How to Analyze Taxes
Taxes can be broken down by when they are collected, so for example, sales, payroll, income, capital, inheritance, etc. But this approach lends itself to endless confusion over how much taxes someone pays. Politicans call some groups parasites for not paying income tax, forgetting that those groups still pay payroll and sales taxes. Warren Buffet claims that his tax rate is lower than his secretary, forgetting to include his initial income tax in his overall tax rate.
Let’s start in a world where everyone’s labor is worth the exact same and there is no capital. (The only thing missing from this Marxist’s paradise is mass executions) In a tax free version of this world, I would have to work 1 hour in order to purchase 1 hour of someone else’s effort. The value of what I put into society would equal what I took out. If you add in variable labor value, such as doctor’s hourly work being worth five times what a laborer’s work is worth, you get to a similar outcome. A doctor would have to work one hour to buy goods produced by 5 hours of effort by an unskilled worker. In this world, analyzing taxes is done by figuring out what each person put in and comparing it to what each person took out. If I worked 1 hours and was able to use the money I earned to purchase half an hour worth of goods from someone else, the effective tax rate would be 50%. You’d still need to determine the impact of supply side taxes on prices, so tax incidence would still need to be accounted for.
Now let’s add in capital. Most of the time, you can increase your wealth by investing. How do we compare goods now from goods in the future for the purposes of taxation? To get an equal tax, the ratio of how much you could get today should be the same as the proportion of what you could get in the future, relative to what you contributed. So an equal tax rate of 50% should allow you to get 50% of what you contributed today, or 50% of what you could have gotten in the future, relative to a tax free world.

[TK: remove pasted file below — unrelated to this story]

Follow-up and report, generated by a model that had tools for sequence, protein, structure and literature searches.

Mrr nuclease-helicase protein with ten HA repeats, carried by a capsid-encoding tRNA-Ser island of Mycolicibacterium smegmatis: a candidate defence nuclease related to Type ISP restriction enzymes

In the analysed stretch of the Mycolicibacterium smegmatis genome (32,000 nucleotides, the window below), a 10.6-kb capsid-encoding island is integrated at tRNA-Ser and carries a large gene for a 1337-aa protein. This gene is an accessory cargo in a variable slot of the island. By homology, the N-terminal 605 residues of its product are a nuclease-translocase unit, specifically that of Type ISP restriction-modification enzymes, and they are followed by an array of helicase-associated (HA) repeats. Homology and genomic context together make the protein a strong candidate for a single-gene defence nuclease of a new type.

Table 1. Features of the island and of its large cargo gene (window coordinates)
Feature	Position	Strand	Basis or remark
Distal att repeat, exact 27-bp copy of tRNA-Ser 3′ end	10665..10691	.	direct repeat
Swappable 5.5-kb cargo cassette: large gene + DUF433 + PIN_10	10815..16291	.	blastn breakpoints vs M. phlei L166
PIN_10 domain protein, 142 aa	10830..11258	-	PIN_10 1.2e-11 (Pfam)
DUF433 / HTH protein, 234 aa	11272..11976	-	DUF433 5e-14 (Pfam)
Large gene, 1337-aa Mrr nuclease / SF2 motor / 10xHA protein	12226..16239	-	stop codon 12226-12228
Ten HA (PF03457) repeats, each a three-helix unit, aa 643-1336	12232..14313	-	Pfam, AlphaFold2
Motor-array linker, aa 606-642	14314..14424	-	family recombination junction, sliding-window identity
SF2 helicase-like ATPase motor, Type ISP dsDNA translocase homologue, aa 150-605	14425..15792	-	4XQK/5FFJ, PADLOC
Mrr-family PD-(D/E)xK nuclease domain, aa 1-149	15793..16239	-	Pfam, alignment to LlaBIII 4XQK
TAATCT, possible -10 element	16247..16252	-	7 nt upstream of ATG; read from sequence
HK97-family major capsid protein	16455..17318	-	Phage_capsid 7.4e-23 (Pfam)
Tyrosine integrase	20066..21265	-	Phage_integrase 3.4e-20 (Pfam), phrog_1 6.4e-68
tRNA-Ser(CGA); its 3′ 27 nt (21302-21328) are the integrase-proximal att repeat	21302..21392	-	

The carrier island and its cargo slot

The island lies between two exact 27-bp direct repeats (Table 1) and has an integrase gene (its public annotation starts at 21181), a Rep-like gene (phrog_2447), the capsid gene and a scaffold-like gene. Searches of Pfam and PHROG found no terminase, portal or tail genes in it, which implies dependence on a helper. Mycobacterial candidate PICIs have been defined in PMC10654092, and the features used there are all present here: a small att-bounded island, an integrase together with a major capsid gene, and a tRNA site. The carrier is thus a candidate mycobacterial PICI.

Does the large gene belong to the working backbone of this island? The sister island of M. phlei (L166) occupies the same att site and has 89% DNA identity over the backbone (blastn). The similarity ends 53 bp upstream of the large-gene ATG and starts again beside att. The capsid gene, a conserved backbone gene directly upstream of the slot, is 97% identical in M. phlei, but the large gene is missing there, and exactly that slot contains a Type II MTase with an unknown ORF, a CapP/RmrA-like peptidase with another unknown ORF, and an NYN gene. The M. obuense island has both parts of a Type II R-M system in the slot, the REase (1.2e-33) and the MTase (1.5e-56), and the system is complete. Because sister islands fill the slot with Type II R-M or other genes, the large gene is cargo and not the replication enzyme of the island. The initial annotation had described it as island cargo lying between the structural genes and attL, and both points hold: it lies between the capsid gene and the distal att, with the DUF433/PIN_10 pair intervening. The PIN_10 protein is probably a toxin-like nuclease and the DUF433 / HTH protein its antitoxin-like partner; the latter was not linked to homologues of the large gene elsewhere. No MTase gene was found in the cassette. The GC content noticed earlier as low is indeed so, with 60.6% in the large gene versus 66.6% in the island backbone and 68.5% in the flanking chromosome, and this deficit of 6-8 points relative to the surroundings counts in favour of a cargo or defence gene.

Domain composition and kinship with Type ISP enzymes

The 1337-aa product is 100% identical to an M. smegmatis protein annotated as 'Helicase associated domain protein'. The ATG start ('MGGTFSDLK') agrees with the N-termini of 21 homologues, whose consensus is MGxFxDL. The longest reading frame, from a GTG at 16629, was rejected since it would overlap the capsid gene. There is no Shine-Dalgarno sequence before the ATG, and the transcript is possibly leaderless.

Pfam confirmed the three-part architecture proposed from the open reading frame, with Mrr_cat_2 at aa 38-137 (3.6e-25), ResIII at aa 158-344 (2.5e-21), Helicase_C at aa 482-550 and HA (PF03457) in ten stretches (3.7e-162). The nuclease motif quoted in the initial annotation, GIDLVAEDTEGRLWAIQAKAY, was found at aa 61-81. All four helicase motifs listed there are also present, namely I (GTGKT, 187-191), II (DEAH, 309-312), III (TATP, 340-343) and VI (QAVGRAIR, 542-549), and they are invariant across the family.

Capital Gains Tax
Capital gains taxes, which tax investment, result in creating two different tax rates depending on when someone consumes. If you consume right away, you are taxed equal to the income tax. If you wait to consume, you are taxed by both the income and the capital gains tax. Investments generate positive externalities and so taxing investment more than immediate consumption is a bad idea. The graph below shows how capital gains taxes work:
Area 1 is the amount collected by the income tax. The Area 3 is the investment return that would have accrued had there been no income tax. The investment grows from 50 to 100 instead of 100 to 200. It never exists, so it is not a collected tax. Area 2 is the amount collected by the capital gains tax. The capital gains tax is levied on the increase from 50 to 100, and so collects 25. The person is able to consume 75 in the future. Under a consumption tax, the taxpayer would have been able to consume 100, or half the amount they would have been able to in a tax free world. Under a combined income and capital gains tax of 50% each, they are only able to consume 75.
I favor a consumption tax. It has the advantage of taxing all income, no matter the source, at an equal rate. It also encourages investment, relative to a income and consumption tax. Capital gains taxes are often framed as affecting only the rich, but this is not true. Capital taxes affect middle class savers as well as workers, by reducing investment and thus labor productivity. If you want to target the rich, it is far better to do that directly through a progressive consumption tax, which only targets those who are actually consuming more than the average person. The quirmy super rich will always find a way to avoid paying the rat’s nest of taxes that America currently has. The experience in Europe has been that consumption taxes are very easy to collect and very hard to evade. As the saying goes, even drug dealers pay the VAT.